One of the most important goals of the Constitutional Convention was to establish a strong chief executive who would nonetheless not be a king. Nowhere is that balance between concentrated power and republican restraint on government more exposed than in the Constitution’s delegation of impeachment powers.
The weaknesses of a nation without a strong executive power had become apparent in the young republic’s struggles under the Articles of Confederation. On the other hand, the danger posed by a monarch who was above the law had been amply demonstrated during the lead-up to the Revolutionary War and then in the war itself. The Founders believed that they could thread the narrow-eyed needle and establish a powerful executive who could be nonetheless restrained from establishing a lawless tyranny. Achieving such a balance would be crucial to assuring the blessings of independence to them and their posterity.
The Founders felt that they had justly revolted against a tyranny that had betrayed the liberties that were the true core of English law. The fight for freedom had been to affirm those liberties, not to break from them. American lawyers were trained in English law; the statesmen in Philadelphia were seeking to apply it independently of the Parliament and king that had failed them. The Founders looked to English law traditions while at the same time making adjustments to make sure that no new betrayal of the people’s liberty would happen again.
Impeachment had a long history in English law by the time of the Constitutional Convention. It was accepted in Britain that the common people and the aristocracy together could hold powerful public figures to account for their misdeeds by removing them from power and punishing them. The great British jurist Blackstone called impeachment “that great guardian of the purity of the constitution.” Although America was choosing to do without an aristocracy, it certainly wanted to have a great guardian of its constitution as well, giving legal recourse against those who would use the powers of constitutional government for criminal ends.
But there was another great difference between British and American versions of impeachment aside from America having no titled nobility: while the English could impeach those responsible for advising the king or for executing policies in his name, the monarch himself could not be impeached. As Blackstone puts it,
No man shall dare to assist the crown in contradiction to the laws of the land. But it is at the same time a maxim in those laws, that the king himself can do no wrong.
For the king is the sovereign, and therefore, Blackstone reasons, were he subject to a higher power, he would no longer be sovereign; the body capable of impeaching him would be sovereign instead. Therefore, the king in his person and in his office must be completely immune from any legal process.
As Hamilton noted in Federalist 69, that makes the only recourse against a sovereign to be revolution. Such was the case with Charles I, who was deposed not by a constitutional impeachment process but by a stacked revolutionary tribunal. Unless America wanted to condemn itself to constant revolution, it had to find a model that would lend itself to precedent and operation under the Constitution the people were ordaining.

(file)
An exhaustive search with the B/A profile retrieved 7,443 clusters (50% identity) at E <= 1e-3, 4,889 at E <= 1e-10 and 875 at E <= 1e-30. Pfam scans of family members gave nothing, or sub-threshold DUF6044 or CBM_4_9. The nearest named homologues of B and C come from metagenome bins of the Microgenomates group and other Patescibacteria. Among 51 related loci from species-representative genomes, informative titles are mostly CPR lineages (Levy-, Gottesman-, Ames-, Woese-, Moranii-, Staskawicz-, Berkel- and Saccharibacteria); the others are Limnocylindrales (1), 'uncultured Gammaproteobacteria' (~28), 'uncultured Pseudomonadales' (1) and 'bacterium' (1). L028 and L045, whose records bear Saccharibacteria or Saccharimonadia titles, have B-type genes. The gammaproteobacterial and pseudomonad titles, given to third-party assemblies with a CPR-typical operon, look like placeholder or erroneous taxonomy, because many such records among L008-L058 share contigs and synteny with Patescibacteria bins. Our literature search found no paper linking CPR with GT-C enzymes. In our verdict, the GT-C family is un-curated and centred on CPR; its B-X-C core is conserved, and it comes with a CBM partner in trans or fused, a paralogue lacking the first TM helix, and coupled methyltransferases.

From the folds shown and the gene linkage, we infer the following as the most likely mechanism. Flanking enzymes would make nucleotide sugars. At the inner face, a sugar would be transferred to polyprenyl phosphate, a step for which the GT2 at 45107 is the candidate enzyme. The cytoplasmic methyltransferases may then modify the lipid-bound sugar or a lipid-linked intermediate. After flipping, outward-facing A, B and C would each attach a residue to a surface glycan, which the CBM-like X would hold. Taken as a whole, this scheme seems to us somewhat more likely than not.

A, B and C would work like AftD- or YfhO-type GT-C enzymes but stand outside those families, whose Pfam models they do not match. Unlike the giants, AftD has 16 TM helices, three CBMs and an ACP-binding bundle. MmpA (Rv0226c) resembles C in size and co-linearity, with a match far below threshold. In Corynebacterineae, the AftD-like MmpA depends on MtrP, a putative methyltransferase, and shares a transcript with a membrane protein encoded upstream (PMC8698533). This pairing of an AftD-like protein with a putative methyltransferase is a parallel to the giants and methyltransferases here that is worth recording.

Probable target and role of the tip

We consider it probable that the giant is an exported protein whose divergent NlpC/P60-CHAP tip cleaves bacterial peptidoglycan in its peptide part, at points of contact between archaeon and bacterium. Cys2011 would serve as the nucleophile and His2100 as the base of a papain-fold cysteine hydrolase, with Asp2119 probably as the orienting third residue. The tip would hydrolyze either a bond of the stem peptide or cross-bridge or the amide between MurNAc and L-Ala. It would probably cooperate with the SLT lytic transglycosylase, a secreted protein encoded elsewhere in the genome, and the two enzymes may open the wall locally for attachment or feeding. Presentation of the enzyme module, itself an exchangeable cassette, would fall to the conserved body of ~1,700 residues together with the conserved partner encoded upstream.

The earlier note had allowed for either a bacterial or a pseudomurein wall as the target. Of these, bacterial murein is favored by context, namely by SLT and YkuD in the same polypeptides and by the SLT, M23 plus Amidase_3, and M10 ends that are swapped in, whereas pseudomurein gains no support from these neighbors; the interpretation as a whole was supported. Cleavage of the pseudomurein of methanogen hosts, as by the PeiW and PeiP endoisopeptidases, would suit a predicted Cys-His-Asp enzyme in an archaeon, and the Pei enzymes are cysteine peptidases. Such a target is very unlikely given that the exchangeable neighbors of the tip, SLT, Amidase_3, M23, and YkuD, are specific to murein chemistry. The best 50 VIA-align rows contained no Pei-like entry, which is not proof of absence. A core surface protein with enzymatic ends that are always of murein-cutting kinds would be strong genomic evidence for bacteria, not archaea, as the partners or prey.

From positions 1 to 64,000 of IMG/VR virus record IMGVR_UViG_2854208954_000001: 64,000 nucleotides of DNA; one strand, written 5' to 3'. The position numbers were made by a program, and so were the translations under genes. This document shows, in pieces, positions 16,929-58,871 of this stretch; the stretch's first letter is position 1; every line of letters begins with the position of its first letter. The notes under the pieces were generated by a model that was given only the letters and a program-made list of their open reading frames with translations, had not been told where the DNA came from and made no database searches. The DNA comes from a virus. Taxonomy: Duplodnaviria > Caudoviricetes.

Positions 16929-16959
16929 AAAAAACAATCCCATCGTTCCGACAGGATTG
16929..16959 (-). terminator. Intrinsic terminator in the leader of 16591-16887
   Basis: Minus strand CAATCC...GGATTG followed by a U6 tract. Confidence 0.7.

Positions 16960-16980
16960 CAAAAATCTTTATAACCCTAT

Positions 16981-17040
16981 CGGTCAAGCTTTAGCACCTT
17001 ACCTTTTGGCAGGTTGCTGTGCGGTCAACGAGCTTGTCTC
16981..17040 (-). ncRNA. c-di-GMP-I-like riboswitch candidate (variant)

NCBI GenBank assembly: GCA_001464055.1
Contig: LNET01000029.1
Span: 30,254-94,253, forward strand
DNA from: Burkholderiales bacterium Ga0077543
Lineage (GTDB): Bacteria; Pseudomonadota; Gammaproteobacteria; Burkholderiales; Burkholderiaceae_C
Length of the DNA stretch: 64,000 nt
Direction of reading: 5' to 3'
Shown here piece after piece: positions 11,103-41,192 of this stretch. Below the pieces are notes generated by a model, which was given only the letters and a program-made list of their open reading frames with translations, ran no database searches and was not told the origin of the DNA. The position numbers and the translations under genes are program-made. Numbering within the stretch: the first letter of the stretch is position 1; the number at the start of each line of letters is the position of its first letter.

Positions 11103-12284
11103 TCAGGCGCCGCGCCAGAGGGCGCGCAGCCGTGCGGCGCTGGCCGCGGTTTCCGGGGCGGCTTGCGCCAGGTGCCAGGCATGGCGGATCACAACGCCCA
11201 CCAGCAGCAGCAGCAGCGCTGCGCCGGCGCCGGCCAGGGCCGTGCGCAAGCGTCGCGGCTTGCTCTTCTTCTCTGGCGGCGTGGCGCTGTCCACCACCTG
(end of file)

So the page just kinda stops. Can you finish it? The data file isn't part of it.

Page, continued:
Since it is the people and not a single person who is sovereign in America, even the chief executive cannot be immune from removal from power. The people through their elected representatives must be able to exert their sovereignty over him, or else they would no longer be sovereign.
But there is a very great hazard here. Investing the power to impeach in the People’s House may result in making the House the real and supreme authority, in place of the people. To make sure that the power the people delegate does not become concentrated in one supreme body, the Constitution specifies certain conditions that serve as safeguards. Hamilton points them out in the Federalist Papers: 1) the upper house of the legislature will have exclusive power to try the impeachment, so the power is distributed between two separate bodies; 2) the power is further checked by requiring a two-thirds majority for conviction; and, 3) perhaps most important, the precedent of Charles I’s lawless trial is rejected and impeachment is only mandated for “treason, bribery, or other high crimes or misdemeanors” (both Hamilton’s language and that of the Constitution).
Treason is a term that the Constitution takes pains to describe precisely and narrowly. Bribery is also a well-known violation of law, and one apt to undermine the interests of the state. These examples set the boundaries for the more expansive terms of “high crimes and misdemeanors” — whatever else they may be, they must also be violations of laws, as all crimes and misdemeanors are in the American and English legal tradition, and they must be “high” in nature — that is, they must be crimes that involve, in Hamilton’s words, “injuries done immediately to the society itself.”
This last and most stringent requirement limits the power of the legislature to defy their sovereigns, the people, by deposing the executive the people had elected independently.
It is exactly on this point that the president’s legal team is basing his defense. Since neither of the articles of impeachment cite violation of any existing law, they cannot serve as the basis of impeachment under the Constitution.
Those who embrace the precedent of the show trial and execution of Charles I are opting for the rule of revolution over the rule of the People’s Constitution. The defense is arguing correctly that to vote to convict would fundamentally alter the Constitution by destroying the balance of power, the supremacy of law, and the sovereign liberty of the people that those things were established to protect.
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